The Tigers haven’t had a bevy of trade discussions yet, general manager Al Avila suggested over the weekend. That should change soon.
“I would say in the last few weeks, a few phone calls here and there. Nothing hot and heavy,” Avila said Saturday. “But I would expect it maybe to pick up as we get closer to Aug. 2.”
The Tigers are expecting a run at their relievers. It’s not just the clear strength of their roster in this difficult season, it’s also the area where they have a blend of hard throwers and spinners, veterans and youngsters, soon-to-be free agents and players with additional years of club control.
It’s quite a statement considering that, a year ago, there was some question whether the Tigers would tender the arbitration-eligible Jiménez a contract. But amid Jiménez’s struggles last season were metrics that didn’t match his results. After an offseason of work to understand the metrics and translate it into his pitching — including tweaks to his delivery to become more consistent — he has not only backed up the metrics, he has built on them.
Even given the mercurial nature of reliever stats, Jiménez’s traditional numbers in 52 appearances for the Tigers last year weren’t pretty, from a 5.96 ERA to a 1.52 WHIP. He allowed more walks (35) than hits (34) over 45 1/3 innings, but struck out 57. Opponents batted just .206 against Jiménez, but his .367 on-base percentage led to a .755 OPS. His pitches, launch angle and exit velocity led to a .168 expected batting average, putting him among the top Major League pitchers. Jiménez’s expected slugging percentage ranked just outside the top 10 percent of big league hurlers, while his hard-hit rate ranked in the top 13 percent.
One set of Jiménez’s numbers clearly wasn’t telling the story. A year later, it looks like the metrics were right. Here are his percentile rankings among MLB pitchers from last year to this season:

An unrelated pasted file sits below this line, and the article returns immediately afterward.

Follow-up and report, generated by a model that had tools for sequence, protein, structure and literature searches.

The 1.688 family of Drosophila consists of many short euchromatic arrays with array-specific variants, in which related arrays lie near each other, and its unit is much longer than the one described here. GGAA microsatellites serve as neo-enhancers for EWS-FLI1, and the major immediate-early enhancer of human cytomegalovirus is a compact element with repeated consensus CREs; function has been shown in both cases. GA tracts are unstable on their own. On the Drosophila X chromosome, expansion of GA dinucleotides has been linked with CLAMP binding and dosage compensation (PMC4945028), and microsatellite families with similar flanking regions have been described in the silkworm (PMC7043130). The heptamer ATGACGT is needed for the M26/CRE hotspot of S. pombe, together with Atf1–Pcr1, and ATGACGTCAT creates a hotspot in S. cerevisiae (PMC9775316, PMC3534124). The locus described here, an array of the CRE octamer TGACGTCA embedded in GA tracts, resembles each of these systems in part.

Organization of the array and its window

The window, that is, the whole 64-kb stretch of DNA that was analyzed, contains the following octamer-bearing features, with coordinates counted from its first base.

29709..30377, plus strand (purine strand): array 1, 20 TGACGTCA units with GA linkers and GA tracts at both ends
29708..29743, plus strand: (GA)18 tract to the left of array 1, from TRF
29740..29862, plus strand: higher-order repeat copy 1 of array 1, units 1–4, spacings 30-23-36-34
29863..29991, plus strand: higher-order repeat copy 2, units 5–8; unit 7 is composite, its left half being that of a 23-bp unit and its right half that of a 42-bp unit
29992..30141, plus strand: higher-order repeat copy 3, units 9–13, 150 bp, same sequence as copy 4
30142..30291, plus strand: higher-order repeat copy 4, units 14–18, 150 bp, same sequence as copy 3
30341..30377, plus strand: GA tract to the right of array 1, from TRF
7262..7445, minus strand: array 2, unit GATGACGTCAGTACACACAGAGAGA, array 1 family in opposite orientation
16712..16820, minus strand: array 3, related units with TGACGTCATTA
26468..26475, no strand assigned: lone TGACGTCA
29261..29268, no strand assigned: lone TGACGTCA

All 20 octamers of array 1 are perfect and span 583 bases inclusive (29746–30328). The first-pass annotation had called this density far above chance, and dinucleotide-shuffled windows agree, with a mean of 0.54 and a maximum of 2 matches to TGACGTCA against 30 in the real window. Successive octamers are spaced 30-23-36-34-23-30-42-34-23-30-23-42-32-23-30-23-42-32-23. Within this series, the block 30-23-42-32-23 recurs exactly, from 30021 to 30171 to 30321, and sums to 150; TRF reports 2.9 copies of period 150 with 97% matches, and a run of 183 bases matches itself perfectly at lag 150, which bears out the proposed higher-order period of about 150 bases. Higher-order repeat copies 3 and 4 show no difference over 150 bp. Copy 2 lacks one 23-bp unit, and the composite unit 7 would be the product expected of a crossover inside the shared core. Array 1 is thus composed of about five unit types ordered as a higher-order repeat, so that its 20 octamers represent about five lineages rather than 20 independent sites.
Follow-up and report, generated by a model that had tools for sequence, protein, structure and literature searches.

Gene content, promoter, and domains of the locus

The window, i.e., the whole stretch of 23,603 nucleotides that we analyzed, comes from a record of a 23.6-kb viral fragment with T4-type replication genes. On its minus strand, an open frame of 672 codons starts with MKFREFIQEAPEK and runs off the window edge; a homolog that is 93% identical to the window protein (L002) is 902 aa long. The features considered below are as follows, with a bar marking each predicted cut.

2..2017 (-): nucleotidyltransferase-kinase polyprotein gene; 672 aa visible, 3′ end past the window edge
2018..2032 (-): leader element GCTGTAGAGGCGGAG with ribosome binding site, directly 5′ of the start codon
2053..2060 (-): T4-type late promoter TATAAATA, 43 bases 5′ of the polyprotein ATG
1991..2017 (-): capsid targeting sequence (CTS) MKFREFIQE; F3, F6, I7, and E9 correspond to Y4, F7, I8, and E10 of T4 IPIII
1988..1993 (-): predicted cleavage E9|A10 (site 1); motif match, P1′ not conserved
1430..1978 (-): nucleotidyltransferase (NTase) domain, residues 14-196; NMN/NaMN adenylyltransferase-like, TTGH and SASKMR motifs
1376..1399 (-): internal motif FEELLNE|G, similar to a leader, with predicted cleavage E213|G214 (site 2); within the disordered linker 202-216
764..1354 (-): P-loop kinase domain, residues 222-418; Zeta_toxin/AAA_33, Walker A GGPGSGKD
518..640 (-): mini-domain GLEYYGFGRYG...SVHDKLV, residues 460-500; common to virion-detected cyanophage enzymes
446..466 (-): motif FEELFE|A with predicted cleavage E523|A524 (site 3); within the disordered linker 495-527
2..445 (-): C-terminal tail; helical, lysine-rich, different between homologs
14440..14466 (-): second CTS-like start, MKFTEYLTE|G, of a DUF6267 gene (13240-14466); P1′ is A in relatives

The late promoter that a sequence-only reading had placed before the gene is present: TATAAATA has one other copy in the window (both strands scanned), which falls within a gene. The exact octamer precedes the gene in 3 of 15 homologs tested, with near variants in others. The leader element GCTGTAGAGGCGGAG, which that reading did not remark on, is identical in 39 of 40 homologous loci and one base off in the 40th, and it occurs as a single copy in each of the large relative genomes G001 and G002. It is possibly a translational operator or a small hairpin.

Hard-hit rate: 87th percentile in 2021, 77th percentile in ’22
Whiff rate: 81st percentile in 2021, 81st percentile in ’22
Strikeout rate: 73rd percentile in 2021, 96th percentile in ’22
Walk rate: 1st percentile in 2021, 81st percentile in ’22
Fastball velocity: 74th percentile in 2021, 81st percentile in ’22
Fastball spin rate: 94th percentile in 2021, 93rd percentile in ’22
Average exit velocity: 38th percentile in 2021, 71st percentile in ’22
Expected batting average: 99th percentile in 2021, 83rd percentile in ’22
Expecting slugging percentage: 89th percentile in 2021, 75th percentile in ’22
Expected on-base percentage: 22nd percentile in 2021, 96th percentile in ’22
Expected weighted on-base average: 58th percentile in 2021, 91st percentile in ’22
Expected ERA: 58th percentile in 2021, 91st percentile in ’22
The metrics, both realized and expected, translate into a tangible improvement: By working on making his delivery more consistent, Jiménez improved his command, dropped his walks and improved his chances for strikeouts. He has also regained a mile per hour on his average fastball velocity with just a minor sacrifice in spin rate (2,446 rpm this year, compared with 2,494 last season).
“I think when you have a guy who doesn’t walk a lot of people, you try to swing because he’s trying to throw strikes,” Jiménez said a couple weeks ago. “That’s what happened overall. They’re swinging at pitches that aren’t in the zone. So maybe that’s why I’m not walking.”
Jiménez has been consistent, not just from one pitch to another, or one outing to another, but one situation to the next. He has pitched in every inning from the fifth to the ninth, including his first save of the season in the second game of the Tigers’ July 4 doubleheader sweep of the Guardians.
“He’s worked his tail off, pitched exactly how he has — non-leverage, high-leverage,” manager A.J. Hinch said. “Pretty awesome.”
Jiménez downplayed the situational work after his save.
“To be honest, I’m not paying attention too much to that,” he said. “I’m just trying to repeat my delivery every time that I go out there and obviously stay in control. It doesn’t matter the situation.”
As the Trade Deadline nears, data and metrics make a difference. It’s how the Tigers were able to acquire prospect Reese Olson — their No. 15 prospect — from the Brewers at last year’s Trade Deadline for lefty reliever Daniel Norris, whose performance had pushed him out of tight situations but whose metrics suggested he was capable of more. In the case of Jiménez, the metrics and the performance line up, even if teams don’t necessarily see the former All-Star as a setup man or closer.
With one more season of arbitration before free agency, the 27-year-old Jiménez also offers some future value beyond this stretch run without the big-ticket price a team might need to pay for Soto, who has three more seasons of team control and more work at closer.
With the Trade Deadline looming, time will tell whether Jiménez ends up playing a role in another team’s playoff push, or moves back into a big role with the Tigers upon another reliever’s trade. Either way, he’s a reliever worth keeping an eye on.